First Republic Bank (NYSE:FRC) stock rose over 20% overnight as bargain hunters stepped in on optimism that a rescue plan for the San Francisco lender may be coming.
JPMorgan Chase (NYSE:JPM) CEO Jamie Dimon is reportedly leading the effort to keep the bank, which serves wealthy tech investors, from collapsing. JPM put $5 billion on deposit at the bank last week.
The rebound came after FRC stock plunged 47% on March 20 following a credit downgrade. The stock was expected to open on March 21 near $15/share, a market capitalization of about $4 billion. Early in February, shares traded for $147 each.
How to Save a Bank
First Republic has been in crisis since the closing of Silicon Valley Bank, which served many of the same customers. The joke was that SVB made people rich enough to be served by First Republic.
Dimon has expressed remorse over his efforts to save Bear Stearns and Washington Mutual during the 2008 financial crisis. JPM paid $3.3 billion for the two institutions but later paid another $19 billion to settle lawsuits involving the two companies. Dimon told shareholders in 2015 he would never do anything like Bear Stearns again.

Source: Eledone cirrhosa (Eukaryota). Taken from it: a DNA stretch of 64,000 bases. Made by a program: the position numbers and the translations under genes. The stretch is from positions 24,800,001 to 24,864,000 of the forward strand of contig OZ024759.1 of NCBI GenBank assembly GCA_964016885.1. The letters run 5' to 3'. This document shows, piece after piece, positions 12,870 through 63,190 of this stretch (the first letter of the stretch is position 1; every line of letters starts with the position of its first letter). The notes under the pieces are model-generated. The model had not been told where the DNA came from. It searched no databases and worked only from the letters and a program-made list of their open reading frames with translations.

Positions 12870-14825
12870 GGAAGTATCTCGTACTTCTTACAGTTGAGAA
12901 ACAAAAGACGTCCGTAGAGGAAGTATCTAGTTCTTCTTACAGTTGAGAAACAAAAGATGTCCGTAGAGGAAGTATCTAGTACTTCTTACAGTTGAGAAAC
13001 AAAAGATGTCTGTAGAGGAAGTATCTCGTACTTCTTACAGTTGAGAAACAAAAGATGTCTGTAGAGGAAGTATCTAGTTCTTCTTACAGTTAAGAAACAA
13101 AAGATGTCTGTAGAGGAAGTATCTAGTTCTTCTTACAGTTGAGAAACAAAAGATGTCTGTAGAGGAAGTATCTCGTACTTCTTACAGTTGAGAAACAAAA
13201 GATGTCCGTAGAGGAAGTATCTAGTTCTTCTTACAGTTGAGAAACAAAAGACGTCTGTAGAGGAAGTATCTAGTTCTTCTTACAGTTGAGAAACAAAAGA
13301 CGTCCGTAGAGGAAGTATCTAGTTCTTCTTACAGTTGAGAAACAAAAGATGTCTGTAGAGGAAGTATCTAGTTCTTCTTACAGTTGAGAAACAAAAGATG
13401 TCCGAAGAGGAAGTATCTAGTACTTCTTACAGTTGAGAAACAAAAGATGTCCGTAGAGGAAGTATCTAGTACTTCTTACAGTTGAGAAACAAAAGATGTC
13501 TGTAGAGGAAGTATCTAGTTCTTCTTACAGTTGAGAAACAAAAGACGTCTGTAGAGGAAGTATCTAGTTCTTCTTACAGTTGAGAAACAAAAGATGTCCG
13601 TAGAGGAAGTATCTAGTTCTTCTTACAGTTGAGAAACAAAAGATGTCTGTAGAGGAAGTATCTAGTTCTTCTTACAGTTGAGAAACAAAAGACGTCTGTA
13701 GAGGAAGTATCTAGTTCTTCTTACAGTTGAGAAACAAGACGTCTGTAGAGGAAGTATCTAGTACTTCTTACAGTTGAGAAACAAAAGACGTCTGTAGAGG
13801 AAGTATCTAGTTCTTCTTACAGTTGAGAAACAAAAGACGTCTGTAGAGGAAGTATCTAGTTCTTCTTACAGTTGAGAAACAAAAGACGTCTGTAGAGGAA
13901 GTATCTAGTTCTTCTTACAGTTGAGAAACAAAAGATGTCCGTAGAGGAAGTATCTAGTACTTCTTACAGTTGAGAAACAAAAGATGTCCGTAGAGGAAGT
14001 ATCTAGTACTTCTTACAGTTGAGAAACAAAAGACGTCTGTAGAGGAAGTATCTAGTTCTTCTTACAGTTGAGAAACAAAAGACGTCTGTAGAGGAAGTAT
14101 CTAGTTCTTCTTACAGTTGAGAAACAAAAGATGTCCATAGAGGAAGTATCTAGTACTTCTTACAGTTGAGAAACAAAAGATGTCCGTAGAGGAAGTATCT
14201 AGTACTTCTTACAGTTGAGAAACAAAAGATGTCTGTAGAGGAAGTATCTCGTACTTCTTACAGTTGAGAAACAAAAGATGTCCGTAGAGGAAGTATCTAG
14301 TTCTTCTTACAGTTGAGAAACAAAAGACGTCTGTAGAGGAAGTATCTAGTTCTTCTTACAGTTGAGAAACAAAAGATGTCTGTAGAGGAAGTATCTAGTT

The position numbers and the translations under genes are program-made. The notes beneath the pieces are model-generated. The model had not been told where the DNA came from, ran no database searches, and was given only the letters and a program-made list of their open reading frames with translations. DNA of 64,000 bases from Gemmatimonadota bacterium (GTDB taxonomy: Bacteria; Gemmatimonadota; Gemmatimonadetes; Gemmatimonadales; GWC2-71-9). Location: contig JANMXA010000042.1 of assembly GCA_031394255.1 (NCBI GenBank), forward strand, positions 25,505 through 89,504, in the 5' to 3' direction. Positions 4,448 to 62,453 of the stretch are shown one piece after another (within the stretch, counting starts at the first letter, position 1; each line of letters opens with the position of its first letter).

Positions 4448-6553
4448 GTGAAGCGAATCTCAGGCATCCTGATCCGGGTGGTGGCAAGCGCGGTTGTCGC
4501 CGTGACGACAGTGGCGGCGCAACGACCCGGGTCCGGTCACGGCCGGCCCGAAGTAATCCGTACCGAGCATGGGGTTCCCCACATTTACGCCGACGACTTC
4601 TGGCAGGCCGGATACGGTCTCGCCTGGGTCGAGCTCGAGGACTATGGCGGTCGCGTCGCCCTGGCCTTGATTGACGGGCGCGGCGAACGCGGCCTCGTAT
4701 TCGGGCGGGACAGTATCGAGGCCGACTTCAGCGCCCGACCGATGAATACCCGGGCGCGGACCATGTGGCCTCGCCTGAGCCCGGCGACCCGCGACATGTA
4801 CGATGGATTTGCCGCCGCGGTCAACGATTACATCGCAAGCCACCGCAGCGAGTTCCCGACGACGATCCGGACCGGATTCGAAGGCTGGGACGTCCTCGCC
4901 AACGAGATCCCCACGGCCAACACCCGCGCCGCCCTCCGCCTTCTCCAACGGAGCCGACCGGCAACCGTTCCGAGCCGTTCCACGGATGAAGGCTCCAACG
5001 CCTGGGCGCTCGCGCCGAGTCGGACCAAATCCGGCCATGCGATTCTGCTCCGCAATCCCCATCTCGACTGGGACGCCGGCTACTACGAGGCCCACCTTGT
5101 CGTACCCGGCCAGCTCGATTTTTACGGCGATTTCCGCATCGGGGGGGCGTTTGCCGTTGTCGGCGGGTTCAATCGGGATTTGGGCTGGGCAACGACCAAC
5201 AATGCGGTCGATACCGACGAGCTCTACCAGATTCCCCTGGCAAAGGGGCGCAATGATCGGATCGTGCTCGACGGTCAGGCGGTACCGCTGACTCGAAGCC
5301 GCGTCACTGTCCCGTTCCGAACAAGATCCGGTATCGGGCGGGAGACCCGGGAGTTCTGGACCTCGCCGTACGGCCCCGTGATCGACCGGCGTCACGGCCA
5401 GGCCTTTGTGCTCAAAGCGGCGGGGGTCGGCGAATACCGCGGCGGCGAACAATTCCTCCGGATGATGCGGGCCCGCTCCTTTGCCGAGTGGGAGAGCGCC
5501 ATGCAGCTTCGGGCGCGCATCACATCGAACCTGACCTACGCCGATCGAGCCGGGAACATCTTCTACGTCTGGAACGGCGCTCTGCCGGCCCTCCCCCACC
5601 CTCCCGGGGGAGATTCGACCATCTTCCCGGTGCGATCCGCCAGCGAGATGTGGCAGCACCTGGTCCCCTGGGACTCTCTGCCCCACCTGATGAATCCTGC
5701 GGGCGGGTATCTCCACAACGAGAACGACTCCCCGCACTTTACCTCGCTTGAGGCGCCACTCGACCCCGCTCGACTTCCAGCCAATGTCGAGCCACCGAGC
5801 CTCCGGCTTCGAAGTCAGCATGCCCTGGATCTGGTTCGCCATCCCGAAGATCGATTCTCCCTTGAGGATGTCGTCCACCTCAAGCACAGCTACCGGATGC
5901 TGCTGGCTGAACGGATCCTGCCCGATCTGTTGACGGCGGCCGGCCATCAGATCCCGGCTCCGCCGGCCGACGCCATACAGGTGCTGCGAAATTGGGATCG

If First Republic can be saved, it could be a bargain for investors. First Republic had $166 billion in loan assets at the end of 2022, most of them real estate loans.
Options for the bank include a direct investment by other banks to increase First Republic’s capital, an outside capital injection, or the sale of the bank.
The reports about First Republic sent other bank stocks higher overnight. Truist Financial (NYSE:TFC) of Charlotte rose 4%. So did Prosperity Bancshares (NYSE:PB) of Houston and Cincinnati’s Fifth Third Bank (NASDAQ:FITB).
FRC Stock: What Happens Next?
If First Republic can be saved, markets will take it as a signal that the banking crisis is over. That would be positive for the whole stock market.
On the date of publication, Dana Blankenhorn held no positions in any companies mentioned in this article. The opinions expressed in this article are those of the writer, subject to the InvestorPlace.com Publishing Guidelines.